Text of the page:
As for the buttons, I’ve used regular buttons that I had around the house (you know, those extra buttons that come with shirts and other clothing items) and have also purchased colorful buttons for this project. In past years I’ve also purchased star and heart shaped buttons, and this year I got colorful mini buttons from the craft store, in both round and star shapes.

These felt tree ornaments are nice to hang on your Christmas tree, of course, and also make nice gift toppers. Wrap a gift then use rick rack to tie on the felt ornament. Very festive and adds a homemade touch to the gift.


Supplies and some tree ornaments from previous years:




STEP #1: Fold a 9×12 piece of green felt lengthwise.

fold felt in half

STEP #2: Use a permanent marker to draw a tree shape.

I used an ornament from a previous year as a guide.

I wanted it shorter than that tree, so only traced the top 2/3 of the ornament.

using a finished ornament to trace the tree shape

trace the tree shape

STEP #3: Cut it out.

cut out

STEP #4: Flip the remaining felt to make more trees.

Doing it this way produces very little wasted felt.

Continue this and you should get 4 trees out of the one piece of felt.

flip for another tree

cut out four trees

An easy way to make each tree symmetrical is to fold it in half and cut it using the left side as a guide.

fold to cut

four trees from one piece of felt

STEP #5: Cut a strip of brown felt, about 1-inch wide.

To make tree trunks, cut this strip into 2-inch sections, and fold each piece in half.

brown felt for tree trunk

about 2 inches of brown felt per tree

ready to decorate

STEP #6: Using colorful embroidery floss (split into 3 strands), sew on the buttons and jingle bells to one side of each piece of tree-shaped felt.

start sewing on ornaments

one side done

the back

STEP #7: Place the two pieces of green felt together, buttons on the outside, and sew them together using more of the embroidery floss (use any color you prefer).

I start and finish at the tree trunk.

Attach the rick rack to the top also using embroidery floss.

Add a star button, if desired.

on tree

wooden story cubes

Here’s another pinterest find that I made.

You purchase wooden cubes at a craft store and put a design/picture on each side. When you’re in need of something to do with a young (or semi-young child), such as at a doctor’s waiting room, restaurant, etc., these are easy to pull out of a purse or child’s backpack. Each person takes a turn rolling and makes up a story out of the pictures that come up. You can make it as simple (roll only 2 dice) or complicated (roll all 6) as you’d like, depending on the time you have and the age of the child.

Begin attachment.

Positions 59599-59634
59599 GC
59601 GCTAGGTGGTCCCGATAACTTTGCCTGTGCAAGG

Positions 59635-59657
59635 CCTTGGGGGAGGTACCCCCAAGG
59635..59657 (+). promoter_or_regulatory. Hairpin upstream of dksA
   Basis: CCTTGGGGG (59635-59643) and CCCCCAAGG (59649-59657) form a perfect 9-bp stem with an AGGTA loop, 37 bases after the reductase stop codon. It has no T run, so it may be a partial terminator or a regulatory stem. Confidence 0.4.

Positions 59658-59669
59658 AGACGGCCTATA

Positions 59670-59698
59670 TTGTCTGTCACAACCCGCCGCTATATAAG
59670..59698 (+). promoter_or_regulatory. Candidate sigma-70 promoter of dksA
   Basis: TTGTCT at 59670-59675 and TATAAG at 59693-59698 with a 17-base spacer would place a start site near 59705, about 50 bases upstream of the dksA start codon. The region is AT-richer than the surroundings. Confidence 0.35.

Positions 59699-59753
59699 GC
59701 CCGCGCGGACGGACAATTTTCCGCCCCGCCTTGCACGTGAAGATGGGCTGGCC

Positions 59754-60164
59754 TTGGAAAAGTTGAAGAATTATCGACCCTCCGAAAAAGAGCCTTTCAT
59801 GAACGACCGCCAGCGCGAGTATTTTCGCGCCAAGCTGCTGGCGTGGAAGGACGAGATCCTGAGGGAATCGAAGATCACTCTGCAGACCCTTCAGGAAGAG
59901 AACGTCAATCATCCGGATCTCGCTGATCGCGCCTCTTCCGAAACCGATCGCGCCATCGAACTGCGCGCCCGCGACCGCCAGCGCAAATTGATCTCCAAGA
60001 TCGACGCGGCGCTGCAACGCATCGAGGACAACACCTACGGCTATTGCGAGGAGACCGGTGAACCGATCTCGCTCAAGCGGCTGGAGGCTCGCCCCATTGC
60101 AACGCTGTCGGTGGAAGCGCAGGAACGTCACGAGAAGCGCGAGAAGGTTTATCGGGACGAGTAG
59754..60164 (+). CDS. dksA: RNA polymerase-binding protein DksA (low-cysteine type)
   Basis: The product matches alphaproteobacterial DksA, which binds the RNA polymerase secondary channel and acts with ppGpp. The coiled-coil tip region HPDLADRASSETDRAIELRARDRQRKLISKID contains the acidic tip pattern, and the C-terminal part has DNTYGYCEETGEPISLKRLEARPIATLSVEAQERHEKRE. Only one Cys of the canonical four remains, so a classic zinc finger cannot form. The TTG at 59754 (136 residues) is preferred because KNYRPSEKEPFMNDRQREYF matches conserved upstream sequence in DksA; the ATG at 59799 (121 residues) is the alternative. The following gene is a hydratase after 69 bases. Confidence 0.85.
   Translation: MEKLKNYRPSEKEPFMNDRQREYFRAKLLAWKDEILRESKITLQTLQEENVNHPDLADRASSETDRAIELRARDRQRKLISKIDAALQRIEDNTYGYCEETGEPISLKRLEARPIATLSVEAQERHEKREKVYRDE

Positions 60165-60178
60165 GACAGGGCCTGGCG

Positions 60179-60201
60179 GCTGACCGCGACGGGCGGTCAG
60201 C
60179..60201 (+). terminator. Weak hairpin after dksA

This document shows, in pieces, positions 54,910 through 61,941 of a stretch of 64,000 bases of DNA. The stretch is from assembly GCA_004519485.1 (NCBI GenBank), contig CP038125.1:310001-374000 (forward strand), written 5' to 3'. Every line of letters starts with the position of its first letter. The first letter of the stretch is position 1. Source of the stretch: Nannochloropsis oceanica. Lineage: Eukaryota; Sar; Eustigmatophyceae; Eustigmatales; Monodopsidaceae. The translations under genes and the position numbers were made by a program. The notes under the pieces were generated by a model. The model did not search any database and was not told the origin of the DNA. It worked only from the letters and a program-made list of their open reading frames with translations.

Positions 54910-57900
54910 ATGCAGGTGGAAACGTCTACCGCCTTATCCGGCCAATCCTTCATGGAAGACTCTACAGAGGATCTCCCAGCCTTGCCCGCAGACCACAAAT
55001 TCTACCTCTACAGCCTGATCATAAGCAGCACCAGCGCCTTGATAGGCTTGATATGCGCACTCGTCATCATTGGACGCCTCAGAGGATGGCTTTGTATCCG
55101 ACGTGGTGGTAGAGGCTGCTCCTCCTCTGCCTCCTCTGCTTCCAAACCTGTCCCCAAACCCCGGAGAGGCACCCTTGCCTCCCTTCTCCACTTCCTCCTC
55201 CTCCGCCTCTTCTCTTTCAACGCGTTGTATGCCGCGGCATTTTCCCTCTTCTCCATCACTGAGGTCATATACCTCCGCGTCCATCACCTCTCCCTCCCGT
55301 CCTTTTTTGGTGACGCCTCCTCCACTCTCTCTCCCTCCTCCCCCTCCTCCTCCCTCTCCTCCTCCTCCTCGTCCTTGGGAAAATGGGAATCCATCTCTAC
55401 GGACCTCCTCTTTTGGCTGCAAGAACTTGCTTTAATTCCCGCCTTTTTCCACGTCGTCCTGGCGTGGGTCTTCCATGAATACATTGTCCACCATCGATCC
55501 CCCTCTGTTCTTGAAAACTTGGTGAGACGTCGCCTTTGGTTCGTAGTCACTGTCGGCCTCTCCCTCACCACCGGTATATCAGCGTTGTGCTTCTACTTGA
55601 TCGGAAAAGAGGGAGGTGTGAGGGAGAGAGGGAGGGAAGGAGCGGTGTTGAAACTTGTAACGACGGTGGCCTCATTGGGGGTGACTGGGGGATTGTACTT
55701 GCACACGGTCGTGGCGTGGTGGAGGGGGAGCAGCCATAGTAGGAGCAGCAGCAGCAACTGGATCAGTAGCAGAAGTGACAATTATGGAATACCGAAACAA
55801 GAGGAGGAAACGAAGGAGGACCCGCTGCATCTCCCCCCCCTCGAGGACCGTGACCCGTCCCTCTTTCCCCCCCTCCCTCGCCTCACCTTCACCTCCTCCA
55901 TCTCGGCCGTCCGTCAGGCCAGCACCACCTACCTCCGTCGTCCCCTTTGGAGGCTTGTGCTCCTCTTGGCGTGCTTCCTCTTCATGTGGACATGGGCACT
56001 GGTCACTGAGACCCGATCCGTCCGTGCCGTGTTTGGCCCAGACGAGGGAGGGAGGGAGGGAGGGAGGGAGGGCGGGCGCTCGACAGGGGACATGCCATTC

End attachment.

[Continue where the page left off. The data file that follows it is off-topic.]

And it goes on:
The idea is so simple, and the cost very low (with the 40% coupon from my local craft store, these wood cubes were less than $1), and easy to keep in my purse … very successful indeed! So glad I did this one. Here is the link to the original post about these:   wooden story cubes

Notes on this project:

  • 3/4-inch dice are very small. Like OH MY GOSH I HAD NO IDEA HOW SOME OF THESE DESIGNS ARE IMPOSSIBLE TO DRAW ON SUCH A SMALL SPACE kind of small. If I were to do it again (and I will … for gifts), next time I’ll make them out of 1-inch wooden blocks. That extra 1/4-inch will make the drawing a whole lot less stressful.
  • Very fine line permanent markers work well, as long as you’re okay with them bleeding a bit.
  • 6 dice with 6 sides each means you have to come up with 36 designs. At first I thought that wouldn’t be a problem. Oh, it was a problem. Took me a couple hours to think up enough things, mostly because the item had to be simple enough to fit on the small dice, and clear enough so that the child knows what it is. (After completing all 36 pictures, we ended up with about 4 that turned out to be mystery pictures … when these are rolled, the child gets to use his/her imagination about what the picture really is!)
  • On the site this idea came from, they recommend putting some sort of coating on the dice after the drawings are done, to protect it. I will do this at some point, but they work fine without the coating.
  • Another suggestion was to lightly sand the edges to give them a softer, rounded feel. Again, I might do this, but it’s not necessary.
  • I will be making a simple draw-string bag to hold these story cubes. A plastic zipper baggie works too.
  • If you don’t have drawing skills, you can cut out small pictures from magazines and use clear glue to put them on the cubes. If you do it this way, put a clear coating of the glue on top to protect the picture.